9. What Type of Springs? There are two basic types of springs to choose from: Double Eye or Slipper Springs . Double Eye Springs are used on the shackle-type suspensions. Slipper Springs are the heavy-duty type of springs used with slipper-type suspensions and will provide longer and more rugged service. Springs are sold with axles in sets of (2 each) and (1 each) U-Bolt Kit per axle.
10. What Hanger Kit? There are several Hanger Kits to choose from — single, tandem or triple for double eye or slipper-type springs. Complete Hanger Kits consist of the Equalizer and Spring Hangers to attach to the frame. Shackle Straps (if double eye springs). Equalizers for tandem or triple Hanger Kits. Hangers and all the necessary bolts and nuts to attach the Equalizers, Springs and Shackle Straps.
Q: What are the advantages of ATV/Snowmobile Trailer?
A: If you are planning to tow a trailer over poor roads with muddy or snowy conditions, you may wish to choose a trailer in which the trailer axle tire width is reasonably close to the width of the towing vehicles tire width. As long as the trailers axle width is close it will cut into the towing vehicles tracks. This will greatly improve mobility and tow-ability. We find that ATV’ers and snowmobilers will generally be better served with an ATV/Snowmobile trailer not only because of the full 8′ width that is required to haul two snowmobiles side by side but also because of the towability of the trailer due to the placement of the trailer axle tires or the width being close to the width of the towing vehicle. This allows the user to pull the trailer through much more difficult conditions.
Q: Wheel bearing maintenance?
A: One of the most important items to maintain on a trailer are the wheel bearings. The wheel bearings should have enough lubricant (wheel bearing grease) and the tapered wheel bearings should have the correct adjustment. The procedure for checking wheel bearing tightness is as follows: Block the trailer on a level spot so it cannot move, raise the trailer one side at the time. Locate the jack in a safe location preferably on the trailer frame. Raise it up just enough so that the wheels are free to rotate. Check for wheel play (looseness) by placing on hand at front and one at the rear of the tire and rock it back and forth. If there is play remove the axle cap with a sharp object such as a screwdriver or fine chisel. Under the axle cap there is a castlelated nut with a cotter pin or a special washer (EZ lube spindle). The cotter pin must be straightened and pulled out and the EZ lube washer tabs must be pried up and out of the way of the nut so that the nut can be tightened. Tighten the castle nut one notch at the time then rotate the wheel. There should be a little resistance on the wheel when it is rotated. Too much resistance will cause the bearing to overheat. Finally, to install the axle cap, line the cap up straight with hub, using a drift (hammer) and a wooden spacer such as a short piece of 2″x4″ material drive the axle cap on. Hammer it straight on. Do not hammer directly onto the axle cap as it will become damaged. Let trailer down, remove jack and apply the same procedure to the other side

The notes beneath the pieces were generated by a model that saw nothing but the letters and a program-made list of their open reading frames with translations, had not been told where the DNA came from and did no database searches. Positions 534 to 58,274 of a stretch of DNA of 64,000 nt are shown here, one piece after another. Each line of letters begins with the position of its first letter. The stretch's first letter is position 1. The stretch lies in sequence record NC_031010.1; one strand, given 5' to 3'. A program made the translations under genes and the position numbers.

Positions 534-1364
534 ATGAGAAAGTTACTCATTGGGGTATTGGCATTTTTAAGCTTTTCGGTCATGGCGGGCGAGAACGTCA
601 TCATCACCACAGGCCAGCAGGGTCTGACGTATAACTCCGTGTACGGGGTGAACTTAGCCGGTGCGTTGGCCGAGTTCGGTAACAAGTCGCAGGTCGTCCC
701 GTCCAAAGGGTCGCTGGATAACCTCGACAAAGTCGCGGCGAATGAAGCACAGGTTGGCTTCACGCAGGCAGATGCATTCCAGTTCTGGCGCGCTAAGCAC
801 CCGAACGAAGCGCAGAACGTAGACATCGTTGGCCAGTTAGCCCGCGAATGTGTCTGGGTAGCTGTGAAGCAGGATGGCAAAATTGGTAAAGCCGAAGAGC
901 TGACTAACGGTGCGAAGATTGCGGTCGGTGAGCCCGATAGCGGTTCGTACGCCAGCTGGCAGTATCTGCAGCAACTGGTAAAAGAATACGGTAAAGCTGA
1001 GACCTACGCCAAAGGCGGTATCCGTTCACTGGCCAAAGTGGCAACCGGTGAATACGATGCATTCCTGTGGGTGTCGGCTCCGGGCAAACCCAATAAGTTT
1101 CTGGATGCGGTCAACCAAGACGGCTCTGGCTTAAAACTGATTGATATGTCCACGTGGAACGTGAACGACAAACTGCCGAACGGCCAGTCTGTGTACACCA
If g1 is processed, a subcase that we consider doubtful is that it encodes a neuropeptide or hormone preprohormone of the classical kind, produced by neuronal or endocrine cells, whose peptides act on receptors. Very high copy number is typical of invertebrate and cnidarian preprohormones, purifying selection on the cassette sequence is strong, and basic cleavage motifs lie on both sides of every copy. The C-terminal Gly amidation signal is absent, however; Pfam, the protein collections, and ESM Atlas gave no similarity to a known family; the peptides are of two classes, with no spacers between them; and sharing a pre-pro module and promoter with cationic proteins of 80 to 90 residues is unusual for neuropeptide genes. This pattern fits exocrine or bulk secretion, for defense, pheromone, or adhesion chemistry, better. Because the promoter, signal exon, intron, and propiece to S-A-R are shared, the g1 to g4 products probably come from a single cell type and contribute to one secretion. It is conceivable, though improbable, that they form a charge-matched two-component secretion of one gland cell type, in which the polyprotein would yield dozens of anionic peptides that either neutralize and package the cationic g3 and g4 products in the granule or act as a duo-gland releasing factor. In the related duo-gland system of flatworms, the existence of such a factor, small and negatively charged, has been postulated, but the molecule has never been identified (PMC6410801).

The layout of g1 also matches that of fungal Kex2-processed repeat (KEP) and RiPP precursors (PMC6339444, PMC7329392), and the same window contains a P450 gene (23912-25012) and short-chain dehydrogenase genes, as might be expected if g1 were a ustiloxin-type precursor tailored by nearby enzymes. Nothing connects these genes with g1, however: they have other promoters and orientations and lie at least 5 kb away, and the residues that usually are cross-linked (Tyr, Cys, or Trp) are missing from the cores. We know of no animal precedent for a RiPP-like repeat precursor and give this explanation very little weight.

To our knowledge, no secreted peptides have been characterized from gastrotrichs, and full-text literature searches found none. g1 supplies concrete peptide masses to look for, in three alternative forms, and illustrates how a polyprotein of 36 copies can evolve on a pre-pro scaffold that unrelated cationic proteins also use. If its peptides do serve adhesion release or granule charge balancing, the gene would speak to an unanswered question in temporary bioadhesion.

Q: Electric Brake and Electric Brake control settings?
A: Modern trailer electric brakes are of course a full time operational brake system used on most of today’s small and medium duty trailers. They are not to be compared with the mobile home trailer brakes that were never designed as a full time operational braking system. There are two systems working together with the electric brake system. One is the brake actuator or electronic brake control and the other is the electric drum brake system typical of many trailers. Both the electronic brake control and the drum brakes can be adjusted. When a trailer is new it can take a few hundred kilometres for the brake shoes to seat in. Once the brake shoes have set in it is then possible to adjust the sensitivity and gain on the electronic brake control. The sensitivity and gain will vary somewhat with respect to typical load weight. If however when you apply the brakes and the trailer brakes seem to delay and then lock full on this probably means that you will need to adjust the brake shoes so that they are closer to the brake drum. Adjusting the brake shoes will eliminate the delay and by further fine tuning the electronic brake control this will make the braking operation smooth and seamless. If you are not getting enough braking from the trailer you can set the gain up higher. If after adjusting the gain you find that the trailer is not providing enough braking it may be that your electronic brake control does have the capacity to handle the load. Check with the manufacturer or your dealer. You may have to upgrade your electronic brake control to one with a higher output capacity.
Q: Trailer Towing Bow Safety?
A: This trailer safety tip related to a situation that occurred last summer. I was contacted at home on a Saturday evening by a person requiring trailer coupler parts. It turned out the gentleman had lost his holiday trailer on the highway when the trailer became uncoupled from the ball. I met him at the shop and we repaired his mangled coupler. The cause of his problem was discovered as we were hitching his trailer to the car. I noticed that his ball was extremely worn and as a result the coupler was able to pop out. He was interested to know that it is required that the hitch ball be lubricated with grease at regular intervals to avoid metal on metal wear to the ball and avoiding a potentially hazardous situation.
Q: Trailer Suspension Safety?